There is so much we can do, our choices matter and we can start our own “Green revolution”

Kenneth

PS It is ironic that “the Green revolution” in the 1950’s was the term applied to the change in agriculture that embraced artificial fertiliser, consolation of farm land and the use of herbicides and pesticides.

Thank you for joining the new green revolution by supporting our farm over supermarkets. You can set up a convenient veg box subscription by emailing info@greenearthorganics.ie or place specific orders over on our website www.greenearthorganics.ie

4 Ways With… January King Cabbage

A cabbage can be a tricky beast to use up and we get asked for cabbage recipes all the time over on our community facebook group. If you are stuck on what to do with the cabbage in your box this week, then this is the video for you. Although I used a beautiful January King from my weekly subscription box, of course the recipes can also be applied to a savoy cabbage.

These are just four of the many ways that I use up a cabbage regularly. Please share your favourite cabbage recipes with us and other readers in the comments. There can never be too many cabbage recipe ideas…especially at this time of year! Liz x

Cabbage Rolls (serves 4)

  • 8-10 outer leaves of the cabbage
  • 1 mug or so of leftover cooked short grain brown rice (or cook fresh. Simply measure 1/2 a mug of rice into a pot, add 1 mug of water and bring to the boil with the lid on, then turn down and simmer until the rice has absorbed all the liquid)
  • 10 minced mushrooms sautéed with garlic, salt and pepper
  • a tin of kidney beans, drained, rinsed and squished
  • a pot of simple tomato sauce (a sliced onion and 2 cloves of diced garlic fried in a little olive oil, simmered with a tin of chopped tomatoes, a little water, salt, pepper and a tbsp of dried dill)

Rinse your cabbage well and remove as many outer leaves as you can. I try to get 8-10 to feed the four of us.

Use a rolling pin to roll out and flatten the chunky stem that runs up the middle of each leaf.

Mix together the mushrooms, rice and kidney beans. Taste and adjust the seasoning if needed.

Then neatly roll up a couple of tbsp of the filling into each each cabbage leaf and tuck them snuggly into the sauce. They should be sealed side down so that they don’t unravel in the sauce. See video above for how to do that.

Put the lid on the dish and roast it in the oven for 30-40 minutes or until the cabbage leaves are soft and the sauce is bubbling.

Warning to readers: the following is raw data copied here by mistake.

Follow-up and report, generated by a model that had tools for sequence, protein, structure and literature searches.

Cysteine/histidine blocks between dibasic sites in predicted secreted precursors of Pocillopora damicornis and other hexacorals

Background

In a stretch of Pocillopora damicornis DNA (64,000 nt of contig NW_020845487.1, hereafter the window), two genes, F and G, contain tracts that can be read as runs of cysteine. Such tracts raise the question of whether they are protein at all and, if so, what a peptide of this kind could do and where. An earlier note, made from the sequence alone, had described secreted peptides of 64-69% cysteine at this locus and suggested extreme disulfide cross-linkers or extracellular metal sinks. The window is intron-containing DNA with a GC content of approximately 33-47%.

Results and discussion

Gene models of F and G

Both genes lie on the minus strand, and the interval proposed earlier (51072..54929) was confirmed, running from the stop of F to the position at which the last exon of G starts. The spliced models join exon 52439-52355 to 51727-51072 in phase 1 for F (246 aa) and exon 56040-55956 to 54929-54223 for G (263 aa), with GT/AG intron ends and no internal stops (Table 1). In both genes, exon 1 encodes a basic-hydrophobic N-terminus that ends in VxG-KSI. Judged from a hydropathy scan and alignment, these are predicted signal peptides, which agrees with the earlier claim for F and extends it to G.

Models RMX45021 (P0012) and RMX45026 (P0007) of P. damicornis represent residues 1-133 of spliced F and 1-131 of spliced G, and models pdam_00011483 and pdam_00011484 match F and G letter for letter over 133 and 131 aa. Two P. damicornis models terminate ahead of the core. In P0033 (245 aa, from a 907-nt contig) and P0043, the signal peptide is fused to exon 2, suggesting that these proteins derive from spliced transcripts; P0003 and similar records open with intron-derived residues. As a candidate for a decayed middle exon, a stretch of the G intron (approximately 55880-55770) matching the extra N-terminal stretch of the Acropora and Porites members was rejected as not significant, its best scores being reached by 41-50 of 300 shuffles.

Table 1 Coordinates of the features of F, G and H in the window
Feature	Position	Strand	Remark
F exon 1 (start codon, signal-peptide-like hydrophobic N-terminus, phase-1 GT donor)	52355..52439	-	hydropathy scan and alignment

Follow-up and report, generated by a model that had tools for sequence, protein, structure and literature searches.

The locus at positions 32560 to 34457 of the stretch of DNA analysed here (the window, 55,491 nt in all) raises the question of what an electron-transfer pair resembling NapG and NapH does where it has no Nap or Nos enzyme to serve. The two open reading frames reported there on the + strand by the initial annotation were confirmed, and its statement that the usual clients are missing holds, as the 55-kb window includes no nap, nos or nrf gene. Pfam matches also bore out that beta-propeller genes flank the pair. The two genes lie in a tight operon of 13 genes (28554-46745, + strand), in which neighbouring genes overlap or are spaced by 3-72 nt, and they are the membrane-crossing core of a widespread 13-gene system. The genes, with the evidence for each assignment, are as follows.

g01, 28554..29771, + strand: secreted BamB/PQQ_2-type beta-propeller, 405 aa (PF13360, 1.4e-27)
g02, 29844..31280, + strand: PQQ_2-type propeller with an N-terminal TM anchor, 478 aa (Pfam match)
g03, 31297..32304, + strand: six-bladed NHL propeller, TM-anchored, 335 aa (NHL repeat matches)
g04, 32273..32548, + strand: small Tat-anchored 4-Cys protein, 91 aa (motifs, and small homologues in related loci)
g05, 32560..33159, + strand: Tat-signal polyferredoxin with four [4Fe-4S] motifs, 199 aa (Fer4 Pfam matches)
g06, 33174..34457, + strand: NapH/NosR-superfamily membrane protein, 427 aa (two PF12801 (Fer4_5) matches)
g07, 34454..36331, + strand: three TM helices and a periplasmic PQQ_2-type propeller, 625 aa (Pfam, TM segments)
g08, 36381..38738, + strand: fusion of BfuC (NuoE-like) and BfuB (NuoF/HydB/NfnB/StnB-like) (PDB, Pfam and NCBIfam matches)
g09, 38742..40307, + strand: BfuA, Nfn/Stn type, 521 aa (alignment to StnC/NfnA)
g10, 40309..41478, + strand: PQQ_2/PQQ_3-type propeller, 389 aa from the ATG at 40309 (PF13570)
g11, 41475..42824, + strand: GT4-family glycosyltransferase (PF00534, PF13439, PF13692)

Serve with tangy natural yoghurt, pepper, more dill and a slice of sourdough bread.

Cabbage & Apple (serves 4 as a side)

  • 1 sliced apple
  • shredded 1/4 of a cabbage
  • salt and pepper to taste
  • 1 tbsp butter or vegetable oil
  • a small glass of cider/white wine/apple juice (or a tbsp vinegar and a glass of water)

Heat up the sliced apple with the butter/oil while you shred the cabbage.

Add the shredded cabbage and season it with salt and pepper. Let it cook down for a little while.

Once it starts to sizzle, add your liquid (cider/wine/apple juice/vinegar-water) and give it a good stir.

Pop the lid on the pot and let the cabbage and apple gently braise and soften for 10 minutes or so. This is a perfect side to a Sunday roast or with mashed potato, veggie sausages and wholegrain mustard!

Cabbage ‘Slaw (serves 4)

Mix the carrot and cabbage in a large bowl with the dressing.

Top with the nuts, seeds, chilli and spring onion.

Serve rolled up in soaked rice paper wrappers for crunchy, raw spring rolls. Or just eat it as it is or with some of our Thai rice noodles for a fresh and crunchy, zingy salad.

Cabbage & Coconut Curry (serves 4 as a side)

Make a tarka first by frying the cumin, mustards seeds, chilli, garlic and curry leaves in hot vegetable oil until very fragrant.

Add the sliced cabbage and season it with salt and pepper. Then add the ground ginger and turmeric and stir to coat the cabbage in the spices.

Add the juice of 1/2 a lime and a tin of coconut milk and simmer until the cabbage is cooked through but still a bit crunchy.

Serve as a side to other curries and rice. Or make it the main event and bulk it out by adding cooked potatoes and a drained and rinsed tin of chickpeas.